An MP on patrol with police spent almost 40 minutes trying to keep a shot camper alive, then stayed through the night to support the woman's distraught partner.
Louise Upston, National MP for Taupo, was with police in Turangi on Friday night to see at first hand the harm caused by alcohol when they were called to the shooting of Lower Hutt teacher Rosemary Ives, 25, about 11pm.
Ms Ives was standing next to her partner, Adam Hyndman, brushing her teeth at the Kaimanawa campsite south of Turangi when she was killed. A 25-year-old Hamilton hunter has been charged with careless use of a firearm in relation to her death.
Mrs Upston said that, when she arrived with police, they found Mr Hyndman giving mouth-to-mouth resuscitation while a female camper did chest compressions.
Mrs Upston took over the compressions so the other woman could rest, sharing the work until paramedics arrived about 40 minutes later.
"You don't think, `Will I or won't I?', you just get in there and do what needs to be done," she said. "You become desperate, basically. All of us wanted to do our absolute best to pull [Ms Ives] through. Unfortunately, her injuries were substantial and what we did do was probably never going to be enough."
She kept thinking about how Mr Hyndman must be feeling, staying by his side after Ms Ives was confirmed dead. She remained with him at Taupo police station until 8am.
About 20 years ago she witnessed her mother's death while her brother tried CPR, which helped her relate to Mr Hyndman.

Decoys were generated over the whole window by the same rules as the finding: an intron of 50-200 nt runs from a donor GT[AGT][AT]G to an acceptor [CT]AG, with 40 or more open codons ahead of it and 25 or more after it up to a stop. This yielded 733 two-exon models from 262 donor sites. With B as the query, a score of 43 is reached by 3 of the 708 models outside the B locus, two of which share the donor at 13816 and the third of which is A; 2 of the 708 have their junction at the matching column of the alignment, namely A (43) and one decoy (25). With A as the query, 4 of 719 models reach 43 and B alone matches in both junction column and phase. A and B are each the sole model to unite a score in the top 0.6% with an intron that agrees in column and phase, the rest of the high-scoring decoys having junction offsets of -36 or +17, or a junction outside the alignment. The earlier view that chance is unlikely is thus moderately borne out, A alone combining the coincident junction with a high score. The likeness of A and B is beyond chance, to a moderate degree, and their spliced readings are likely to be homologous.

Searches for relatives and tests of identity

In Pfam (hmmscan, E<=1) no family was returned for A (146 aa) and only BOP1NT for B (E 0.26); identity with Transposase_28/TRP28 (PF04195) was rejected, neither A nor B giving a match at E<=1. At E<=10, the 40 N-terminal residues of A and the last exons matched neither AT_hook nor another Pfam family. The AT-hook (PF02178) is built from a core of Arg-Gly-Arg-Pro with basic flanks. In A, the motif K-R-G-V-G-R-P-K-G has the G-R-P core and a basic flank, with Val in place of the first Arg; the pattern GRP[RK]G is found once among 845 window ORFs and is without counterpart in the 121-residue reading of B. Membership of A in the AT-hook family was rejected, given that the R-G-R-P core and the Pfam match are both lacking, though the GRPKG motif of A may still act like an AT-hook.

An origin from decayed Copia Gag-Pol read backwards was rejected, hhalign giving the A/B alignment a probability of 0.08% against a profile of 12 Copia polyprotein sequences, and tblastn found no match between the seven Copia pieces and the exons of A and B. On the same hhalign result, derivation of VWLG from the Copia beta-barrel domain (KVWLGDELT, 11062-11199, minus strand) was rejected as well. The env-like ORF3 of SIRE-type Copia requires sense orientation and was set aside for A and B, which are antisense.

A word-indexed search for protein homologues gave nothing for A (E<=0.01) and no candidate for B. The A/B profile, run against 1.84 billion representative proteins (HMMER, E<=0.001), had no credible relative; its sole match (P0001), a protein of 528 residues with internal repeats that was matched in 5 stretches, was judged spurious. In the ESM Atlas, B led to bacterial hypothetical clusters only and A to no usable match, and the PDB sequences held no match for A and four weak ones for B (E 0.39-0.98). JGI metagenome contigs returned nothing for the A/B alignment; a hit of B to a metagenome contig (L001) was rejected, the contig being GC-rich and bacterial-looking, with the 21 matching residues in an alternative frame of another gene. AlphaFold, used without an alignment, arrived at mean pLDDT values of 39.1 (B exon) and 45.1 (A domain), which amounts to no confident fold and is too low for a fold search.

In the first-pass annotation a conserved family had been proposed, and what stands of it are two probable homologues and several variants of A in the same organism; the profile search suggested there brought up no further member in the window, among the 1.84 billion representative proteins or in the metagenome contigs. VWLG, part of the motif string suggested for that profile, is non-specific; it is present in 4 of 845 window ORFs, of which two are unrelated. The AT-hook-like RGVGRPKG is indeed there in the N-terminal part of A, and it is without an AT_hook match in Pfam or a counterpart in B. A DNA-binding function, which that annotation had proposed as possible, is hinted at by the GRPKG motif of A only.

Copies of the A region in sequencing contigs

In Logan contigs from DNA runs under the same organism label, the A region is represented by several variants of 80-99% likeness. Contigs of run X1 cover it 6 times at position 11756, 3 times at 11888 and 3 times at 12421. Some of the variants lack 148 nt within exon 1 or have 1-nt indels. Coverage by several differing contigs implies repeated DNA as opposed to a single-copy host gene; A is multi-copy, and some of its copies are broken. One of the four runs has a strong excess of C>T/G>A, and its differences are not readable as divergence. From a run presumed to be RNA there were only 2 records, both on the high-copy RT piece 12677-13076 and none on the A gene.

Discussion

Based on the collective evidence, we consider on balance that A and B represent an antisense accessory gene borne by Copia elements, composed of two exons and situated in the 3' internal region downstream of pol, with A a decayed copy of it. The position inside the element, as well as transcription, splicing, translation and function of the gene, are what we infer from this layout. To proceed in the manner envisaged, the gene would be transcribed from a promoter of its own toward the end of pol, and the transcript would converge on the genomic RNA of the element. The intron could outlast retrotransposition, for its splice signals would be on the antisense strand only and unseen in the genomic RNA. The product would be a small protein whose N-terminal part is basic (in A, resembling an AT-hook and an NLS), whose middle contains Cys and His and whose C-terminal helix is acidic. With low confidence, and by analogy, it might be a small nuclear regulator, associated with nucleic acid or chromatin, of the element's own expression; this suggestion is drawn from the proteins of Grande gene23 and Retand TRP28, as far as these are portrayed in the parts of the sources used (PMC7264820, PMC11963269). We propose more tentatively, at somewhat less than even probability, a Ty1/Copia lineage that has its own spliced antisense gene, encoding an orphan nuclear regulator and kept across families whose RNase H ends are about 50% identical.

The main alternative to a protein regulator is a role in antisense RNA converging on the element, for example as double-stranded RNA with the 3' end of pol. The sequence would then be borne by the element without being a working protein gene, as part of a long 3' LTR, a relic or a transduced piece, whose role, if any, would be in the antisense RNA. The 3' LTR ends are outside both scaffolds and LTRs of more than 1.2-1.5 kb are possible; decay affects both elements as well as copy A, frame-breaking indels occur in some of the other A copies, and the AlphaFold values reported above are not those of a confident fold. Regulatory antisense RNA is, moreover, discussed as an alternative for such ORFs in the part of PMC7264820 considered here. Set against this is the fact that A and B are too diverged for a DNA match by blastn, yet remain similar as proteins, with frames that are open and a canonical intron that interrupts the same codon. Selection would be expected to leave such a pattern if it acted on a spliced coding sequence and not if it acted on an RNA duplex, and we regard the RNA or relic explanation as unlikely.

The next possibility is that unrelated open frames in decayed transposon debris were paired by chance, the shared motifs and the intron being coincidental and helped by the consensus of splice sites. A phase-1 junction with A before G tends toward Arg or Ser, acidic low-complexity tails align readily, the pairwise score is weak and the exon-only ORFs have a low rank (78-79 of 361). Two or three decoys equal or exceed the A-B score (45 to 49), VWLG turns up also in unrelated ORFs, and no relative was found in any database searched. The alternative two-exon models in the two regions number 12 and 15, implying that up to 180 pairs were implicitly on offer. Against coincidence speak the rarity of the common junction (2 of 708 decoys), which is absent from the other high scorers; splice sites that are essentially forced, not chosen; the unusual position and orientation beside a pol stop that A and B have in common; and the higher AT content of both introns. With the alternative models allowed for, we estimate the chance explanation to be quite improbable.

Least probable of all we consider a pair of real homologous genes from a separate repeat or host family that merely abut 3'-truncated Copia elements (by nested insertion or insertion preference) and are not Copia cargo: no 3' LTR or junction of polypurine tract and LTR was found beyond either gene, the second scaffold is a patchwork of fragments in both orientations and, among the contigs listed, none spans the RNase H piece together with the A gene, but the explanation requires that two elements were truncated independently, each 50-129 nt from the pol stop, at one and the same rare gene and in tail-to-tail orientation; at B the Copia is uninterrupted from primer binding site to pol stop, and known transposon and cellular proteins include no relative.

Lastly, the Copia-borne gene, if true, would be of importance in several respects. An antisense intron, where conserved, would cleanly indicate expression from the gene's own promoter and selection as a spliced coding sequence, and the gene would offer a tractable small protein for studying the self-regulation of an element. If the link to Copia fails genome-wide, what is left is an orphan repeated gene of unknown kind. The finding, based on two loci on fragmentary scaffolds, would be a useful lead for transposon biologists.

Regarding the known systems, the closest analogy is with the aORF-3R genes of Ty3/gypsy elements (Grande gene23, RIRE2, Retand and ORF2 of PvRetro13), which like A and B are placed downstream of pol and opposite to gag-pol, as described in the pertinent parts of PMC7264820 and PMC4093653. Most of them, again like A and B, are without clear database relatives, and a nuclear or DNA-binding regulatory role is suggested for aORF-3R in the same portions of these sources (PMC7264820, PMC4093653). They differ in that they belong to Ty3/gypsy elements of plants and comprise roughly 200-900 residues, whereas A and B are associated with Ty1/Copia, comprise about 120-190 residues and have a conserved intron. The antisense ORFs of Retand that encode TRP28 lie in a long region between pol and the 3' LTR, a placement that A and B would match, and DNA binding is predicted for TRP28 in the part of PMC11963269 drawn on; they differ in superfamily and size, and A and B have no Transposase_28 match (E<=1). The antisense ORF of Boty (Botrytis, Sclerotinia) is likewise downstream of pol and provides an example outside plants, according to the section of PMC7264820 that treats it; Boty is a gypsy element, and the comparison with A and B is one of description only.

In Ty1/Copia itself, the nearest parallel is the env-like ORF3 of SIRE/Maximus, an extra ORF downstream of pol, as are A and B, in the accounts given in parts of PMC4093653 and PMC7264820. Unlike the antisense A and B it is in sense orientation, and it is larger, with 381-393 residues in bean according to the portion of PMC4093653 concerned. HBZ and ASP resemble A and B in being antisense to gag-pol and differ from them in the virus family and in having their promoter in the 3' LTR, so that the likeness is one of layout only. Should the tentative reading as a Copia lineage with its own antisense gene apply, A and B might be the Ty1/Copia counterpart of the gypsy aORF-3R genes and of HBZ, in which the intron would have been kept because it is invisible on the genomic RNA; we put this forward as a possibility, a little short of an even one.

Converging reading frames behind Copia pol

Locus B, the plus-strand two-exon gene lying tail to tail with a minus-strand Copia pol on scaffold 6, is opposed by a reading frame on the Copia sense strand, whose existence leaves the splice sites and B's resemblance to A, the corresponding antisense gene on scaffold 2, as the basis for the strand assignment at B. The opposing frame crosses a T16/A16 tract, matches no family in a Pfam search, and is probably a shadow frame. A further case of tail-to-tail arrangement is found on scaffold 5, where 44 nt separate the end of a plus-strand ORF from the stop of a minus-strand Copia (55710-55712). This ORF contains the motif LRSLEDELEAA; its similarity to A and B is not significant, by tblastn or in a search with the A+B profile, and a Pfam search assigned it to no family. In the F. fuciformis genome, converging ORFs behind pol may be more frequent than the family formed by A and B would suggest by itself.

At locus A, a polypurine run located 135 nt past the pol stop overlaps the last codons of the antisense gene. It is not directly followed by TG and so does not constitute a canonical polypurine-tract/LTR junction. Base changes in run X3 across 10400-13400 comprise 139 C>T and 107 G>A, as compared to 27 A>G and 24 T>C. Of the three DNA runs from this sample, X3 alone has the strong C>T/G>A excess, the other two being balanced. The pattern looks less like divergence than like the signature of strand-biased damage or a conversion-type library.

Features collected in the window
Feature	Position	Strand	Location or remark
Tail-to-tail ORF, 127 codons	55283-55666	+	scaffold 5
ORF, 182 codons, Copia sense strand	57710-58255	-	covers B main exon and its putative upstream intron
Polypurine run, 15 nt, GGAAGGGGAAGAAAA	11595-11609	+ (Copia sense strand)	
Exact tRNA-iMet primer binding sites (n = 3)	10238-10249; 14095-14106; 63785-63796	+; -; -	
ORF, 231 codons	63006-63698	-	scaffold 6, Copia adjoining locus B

"He was devastated ... they had just gone to clean their teeth. They'd gone a couple of metres into the bush so you wouldn't spit out in the area you are going to be sleeping in."
A service will be held for Ms Ives on Thursday at Rabbit Island in Nelson.
FIREARMS SAFETY RULES
The death highlighted the need for hunters to follow the basic rules of firearms safety and comply with firearms law at all times, the New Zealand Mountain Safety Council said.
All hunters needed not only to know the seven basic firearms safety rules, but to apply each part of them at all times, council firearms and hunter training programme manager Mike Spray said today.
"This regrettable incident could have been avoided by following Rule 4: Identify your target beyond all doubt."
Spotlighting was legal on private land but extra care was required as the field of vision was limited to the beam of the spotlight only and target identification needed to be positively confirmed, Mr Spray said.
"There are very few non-intentional incidents each year in New Zealand which lead to injury or death.
"This is an indication that the most firearms owners act responsibly around firearms. However, on the occasions when firearms users do drop their guard, the consequences can be serious."
All firearms users needed to stay alert at all times when handling firearms and take special care, Mr Spray said.
- with NZPA
- The Dominion Post
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